To attend a Dashboard Confessional concert is to realize that your neighbor is probably going to spend a good deal of the show singing at the top of their lungs. That’s ok, because you likely will be doing the same at some point. This is the magic of Dashboard Confessional: Chris Carrabba is the rare songwriter who can encapsulate not just the words of the moments in life that we all have, he manages to paint a masterpiece with the music behind it.
Jim Adkins of Jimmy Eat World has a similar talent, and it could be argued that if everyone from this generation were to compile a soundtrack of their lives, it is likely they would have at least one song from these two bands on it. They have mastery of their lyrics and music, and we are an awestruck audience that has not fully realized how lucky we are.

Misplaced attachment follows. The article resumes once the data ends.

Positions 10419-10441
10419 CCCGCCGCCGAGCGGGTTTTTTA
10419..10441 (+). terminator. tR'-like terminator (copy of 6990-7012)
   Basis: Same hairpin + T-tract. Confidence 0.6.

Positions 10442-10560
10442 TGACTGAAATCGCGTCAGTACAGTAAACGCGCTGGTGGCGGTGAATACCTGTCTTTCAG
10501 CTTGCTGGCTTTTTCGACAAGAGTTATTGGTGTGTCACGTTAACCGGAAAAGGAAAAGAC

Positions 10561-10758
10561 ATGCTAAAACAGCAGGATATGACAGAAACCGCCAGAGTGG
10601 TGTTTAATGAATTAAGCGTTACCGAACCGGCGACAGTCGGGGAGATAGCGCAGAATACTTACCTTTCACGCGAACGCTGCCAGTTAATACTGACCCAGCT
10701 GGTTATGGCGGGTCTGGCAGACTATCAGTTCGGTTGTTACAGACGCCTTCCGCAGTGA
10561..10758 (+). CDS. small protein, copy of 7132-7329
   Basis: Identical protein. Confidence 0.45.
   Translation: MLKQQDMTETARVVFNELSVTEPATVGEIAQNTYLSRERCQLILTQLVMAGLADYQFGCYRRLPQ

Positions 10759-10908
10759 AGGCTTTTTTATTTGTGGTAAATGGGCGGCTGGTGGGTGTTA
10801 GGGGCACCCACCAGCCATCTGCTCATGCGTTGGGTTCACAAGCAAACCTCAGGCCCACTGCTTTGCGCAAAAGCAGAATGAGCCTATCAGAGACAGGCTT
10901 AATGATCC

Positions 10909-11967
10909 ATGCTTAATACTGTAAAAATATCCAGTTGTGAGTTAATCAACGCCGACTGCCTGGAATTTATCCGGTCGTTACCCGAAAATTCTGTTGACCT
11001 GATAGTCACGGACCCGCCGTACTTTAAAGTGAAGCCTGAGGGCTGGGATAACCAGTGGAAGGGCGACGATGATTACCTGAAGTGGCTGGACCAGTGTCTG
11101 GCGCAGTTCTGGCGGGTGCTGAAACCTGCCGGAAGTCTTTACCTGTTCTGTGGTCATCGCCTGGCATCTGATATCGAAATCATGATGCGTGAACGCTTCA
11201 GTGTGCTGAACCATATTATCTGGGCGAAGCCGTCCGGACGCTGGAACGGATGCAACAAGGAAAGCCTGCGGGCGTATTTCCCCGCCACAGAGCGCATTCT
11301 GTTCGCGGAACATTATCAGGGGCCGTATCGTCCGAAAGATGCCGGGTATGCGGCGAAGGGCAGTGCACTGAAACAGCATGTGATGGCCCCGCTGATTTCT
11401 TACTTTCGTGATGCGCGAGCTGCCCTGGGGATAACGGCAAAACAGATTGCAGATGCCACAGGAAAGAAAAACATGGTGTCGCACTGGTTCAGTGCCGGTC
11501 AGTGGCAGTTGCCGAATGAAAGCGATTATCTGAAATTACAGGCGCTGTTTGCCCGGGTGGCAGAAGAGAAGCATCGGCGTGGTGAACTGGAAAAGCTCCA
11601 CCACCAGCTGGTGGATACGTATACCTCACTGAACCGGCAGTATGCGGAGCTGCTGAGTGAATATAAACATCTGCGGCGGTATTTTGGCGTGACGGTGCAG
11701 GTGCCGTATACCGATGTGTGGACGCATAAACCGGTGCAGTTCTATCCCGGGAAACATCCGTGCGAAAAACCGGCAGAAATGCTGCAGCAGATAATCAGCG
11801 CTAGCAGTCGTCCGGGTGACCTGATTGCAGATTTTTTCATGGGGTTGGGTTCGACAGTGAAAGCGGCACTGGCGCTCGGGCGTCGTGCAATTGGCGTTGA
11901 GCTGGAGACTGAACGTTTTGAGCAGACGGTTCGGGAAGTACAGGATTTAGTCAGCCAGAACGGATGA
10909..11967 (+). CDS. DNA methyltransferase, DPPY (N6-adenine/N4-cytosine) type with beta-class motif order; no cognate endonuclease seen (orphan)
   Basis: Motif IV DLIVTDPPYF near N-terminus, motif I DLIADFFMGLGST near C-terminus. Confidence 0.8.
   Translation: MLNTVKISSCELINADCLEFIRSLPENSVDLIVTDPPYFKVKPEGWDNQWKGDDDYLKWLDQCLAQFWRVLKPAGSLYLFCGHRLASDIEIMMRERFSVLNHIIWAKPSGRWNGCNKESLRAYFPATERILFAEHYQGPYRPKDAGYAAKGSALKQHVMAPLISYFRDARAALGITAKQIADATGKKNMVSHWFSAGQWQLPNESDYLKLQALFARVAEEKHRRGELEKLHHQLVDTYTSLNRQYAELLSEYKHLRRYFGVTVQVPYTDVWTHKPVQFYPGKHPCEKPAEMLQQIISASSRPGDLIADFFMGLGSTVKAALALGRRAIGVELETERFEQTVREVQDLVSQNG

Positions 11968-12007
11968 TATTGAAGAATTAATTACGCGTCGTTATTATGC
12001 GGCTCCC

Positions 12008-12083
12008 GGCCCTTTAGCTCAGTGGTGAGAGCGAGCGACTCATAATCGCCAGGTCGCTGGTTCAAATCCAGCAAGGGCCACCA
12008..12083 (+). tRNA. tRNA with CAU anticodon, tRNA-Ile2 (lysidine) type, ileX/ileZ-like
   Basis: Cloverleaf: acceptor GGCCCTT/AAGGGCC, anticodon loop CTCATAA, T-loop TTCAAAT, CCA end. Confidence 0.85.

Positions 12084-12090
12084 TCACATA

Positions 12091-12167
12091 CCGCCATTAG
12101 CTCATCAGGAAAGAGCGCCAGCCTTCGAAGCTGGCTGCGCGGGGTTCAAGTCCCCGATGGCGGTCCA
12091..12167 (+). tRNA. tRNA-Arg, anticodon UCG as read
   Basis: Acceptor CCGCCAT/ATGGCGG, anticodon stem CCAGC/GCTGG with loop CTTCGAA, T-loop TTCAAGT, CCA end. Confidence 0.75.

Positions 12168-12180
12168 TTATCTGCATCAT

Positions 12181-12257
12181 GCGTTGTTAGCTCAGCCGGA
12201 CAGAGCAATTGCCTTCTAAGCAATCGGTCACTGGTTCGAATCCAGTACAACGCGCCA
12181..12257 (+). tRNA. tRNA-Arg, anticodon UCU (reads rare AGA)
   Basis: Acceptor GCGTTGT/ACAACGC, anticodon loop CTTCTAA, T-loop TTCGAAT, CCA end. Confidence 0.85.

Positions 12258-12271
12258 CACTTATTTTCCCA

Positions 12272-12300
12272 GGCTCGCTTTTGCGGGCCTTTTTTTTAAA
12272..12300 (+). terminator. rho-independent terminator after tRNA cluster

To call what was experienced on this night a concert does not quite do it justice, as it was really a journey through space and time with each song. “Vindicated,” a song from the soundtrack of the 2004 movie Spider-man 2, took us into the past, though it doesn’t feel like that song can get its drivers license this year. Carrabba was a skillful guide through the trip, knowing exactly when to step back from the microphone to allow the crowd the opportunity to belt out their favorite lyrics – saying at one point they sang beautifully – and when to step in and to tell a story before the next stop in this fanciful tour.
Halfway through the set he traded his electric guitar for an acoustic and performed alone onstage. Carrabba is an extraordinarily talented guitar player, bringing quite a few guitars on tour and often switching up during the show, but his mastery shines the brightest when he plays acoustic. His vocals were also on full display, holding a note for a superhuman length of time, holding until the cheers finally drowned him out.
As the rest of the band rejoined Carrabba, he introduced them as Scott Schoenbeck on the bass, Armon Jay also on the guitar, Chris Kamrada on the drums, and Dane Poppin who alternated between the keyboard and guitar. The journey that Carrabba took the audience on would look drastically different without the band, which he introduced twice during the show.